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Success! Sorn from Cambodia raised $657 to fund skin cancer treatment.

Sorn
100%
  • $657 raised, $0 to go
$657
raised
$0
to go
Fully funded
Sorn's treatment was fully funded on February 5, 2021.

Photo of Sorn post-operation

January 23, 2021

Sorn underwent skin cancer treatment.

Sorn’s procedure was successful. She’ll continue to receive new clean dressings for seven days and by then, Sorn’s wound will have healed and her vision will normalize. Once she has fully recovered, she will no longer have discomfort or difficulty seeing.

Sorn said, “I am very happy that the doctor helped me. I will see clearly and recognize things normally. I don’t feel pain like before, and I will easily go to join ceremonies at the pagoda again. I’m looking forward to that.”

Sorn's procedure was successful. She'll continue to receive new clean dressings for seven days and by then, Sorn's wound will have healed an...

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September 24, 2020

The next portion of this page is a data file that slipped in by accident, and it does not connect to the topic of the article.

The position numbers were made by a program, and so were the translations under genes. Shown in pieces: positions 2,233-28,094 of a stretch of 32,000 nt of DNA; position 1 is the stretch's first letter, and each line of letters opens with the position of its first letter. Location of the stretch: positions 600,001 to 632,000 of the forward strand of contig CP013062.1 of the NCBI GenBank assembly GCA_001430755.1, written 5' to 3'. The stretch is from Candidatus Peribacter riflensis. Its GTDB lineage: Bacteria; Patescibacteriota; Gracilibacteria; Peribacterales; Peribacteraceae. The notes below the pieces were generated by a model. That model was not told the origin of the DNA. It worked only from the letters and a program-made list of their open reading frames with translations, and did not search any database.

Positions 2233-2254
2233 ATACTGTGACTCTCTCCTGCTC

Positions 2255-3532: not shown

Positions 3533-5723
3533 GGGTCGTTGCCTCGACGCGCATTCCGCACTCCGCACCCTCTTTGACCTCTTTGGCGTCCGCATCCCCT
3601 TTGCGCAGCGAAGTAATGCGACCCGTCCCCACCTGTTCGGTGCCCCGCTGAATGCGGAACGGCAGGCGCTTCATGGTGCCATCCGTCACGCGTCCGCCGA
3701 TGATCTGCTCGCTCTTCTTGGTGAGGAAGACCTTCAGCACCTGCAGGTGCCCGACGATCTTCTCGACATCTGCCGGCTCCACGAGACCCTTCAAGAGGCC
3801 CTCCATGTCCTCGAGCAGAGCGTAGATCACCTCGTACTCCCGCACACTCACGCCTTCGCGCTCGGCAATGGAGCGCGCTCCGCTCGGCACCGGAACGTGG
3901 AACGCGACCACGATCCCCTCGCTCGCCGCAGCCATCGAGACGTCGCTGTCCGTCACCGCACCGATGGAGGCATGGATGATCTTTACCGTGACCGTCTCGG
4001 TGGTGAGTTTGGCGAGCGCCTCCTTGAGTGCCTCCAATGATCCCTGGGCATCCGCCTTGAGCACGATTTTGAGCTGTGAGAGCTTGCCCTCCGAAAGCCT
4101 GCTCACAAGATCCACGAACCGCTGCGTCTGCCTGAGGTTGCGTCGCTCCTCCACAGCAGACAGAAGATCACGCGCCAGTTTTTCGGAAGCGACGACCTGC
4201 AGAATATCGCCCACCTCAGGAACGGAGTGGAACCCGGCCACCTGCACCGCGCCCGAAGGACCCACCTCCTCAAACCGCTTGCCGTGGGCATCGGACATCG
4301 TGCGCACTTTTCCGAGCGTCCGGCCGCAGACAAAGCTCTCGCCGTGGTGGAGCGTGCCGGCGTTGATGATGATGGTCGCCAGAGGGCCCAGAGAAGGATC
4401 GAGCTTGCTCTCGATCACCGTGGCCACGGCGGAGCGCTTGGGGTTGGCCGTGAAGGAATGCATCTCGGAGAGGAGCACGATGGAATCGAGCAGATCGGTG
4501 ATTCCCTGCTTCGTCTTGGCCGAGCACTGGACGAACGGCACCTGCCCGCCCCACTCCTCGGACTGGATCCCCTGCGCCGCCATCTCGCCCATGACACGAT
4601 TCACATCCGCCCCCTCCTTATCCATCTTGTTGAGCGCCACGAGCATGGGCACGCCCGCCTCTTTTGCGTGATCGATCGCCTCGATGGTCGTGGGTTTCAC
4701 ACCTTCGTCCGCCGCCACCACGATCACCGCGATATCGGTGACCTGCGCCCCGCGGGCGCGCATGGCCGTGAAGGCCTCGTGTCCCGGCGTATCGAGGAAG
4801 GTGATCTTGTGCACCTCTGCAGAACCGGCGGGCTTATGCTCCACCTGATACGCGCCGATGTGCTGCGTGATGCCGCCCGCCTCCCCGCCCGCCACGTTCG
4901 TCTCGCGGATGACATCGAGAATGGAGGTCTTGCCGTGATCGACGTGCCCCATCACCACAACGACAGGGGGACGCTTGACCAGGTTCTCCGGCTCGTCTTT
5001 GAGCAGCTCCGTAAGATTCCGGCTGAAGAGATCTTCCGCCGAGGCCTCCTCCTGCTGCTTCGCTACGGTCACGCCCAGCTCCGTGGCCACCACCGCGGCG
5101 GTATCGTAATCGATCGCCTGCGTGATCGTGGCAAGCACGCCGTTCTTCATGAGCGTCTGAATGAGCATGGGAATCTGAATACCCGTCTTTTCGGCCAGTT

Sorn is a 75-year-old rice farmer from Cambodia. She has three sons, two daughters, and six grandchildren. She enjoys taking care of her grandchildren and visiting the pagoda.

Sorn has a growing mass in her lower eyelid which has been diagnosed as basal cell carcinoma. Her neighbor encouraged her to come to Watsi’s Medical Partner Children’s Surgical Centre (CSC) to see if she could be treated.

Fortunately, on September 23rd, surgeons at CSC will perform excision and skin flap procedure to remove the growth. Now, she needs help to fund this $657 procedure.

Sorn said, “I really hope after this surgery I feel better and am comfortable again.”

Sorn is a 75-year-old rice farmer from Cambodia. She has three sons, two daughters, and six grandchildren. She enjoys taking care of her gra...

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Sorn's Timeline

  • September 23, 2020
    TREATMENT OCCURRED

    Sorn received treatment at Kien Khleang National Rehabilitation Centre in Cambodia. Medical partners often provide care to patients accepted by Watsi before those patients are fully funded, operating under the guarantee that the cost of care will be paid for by donors.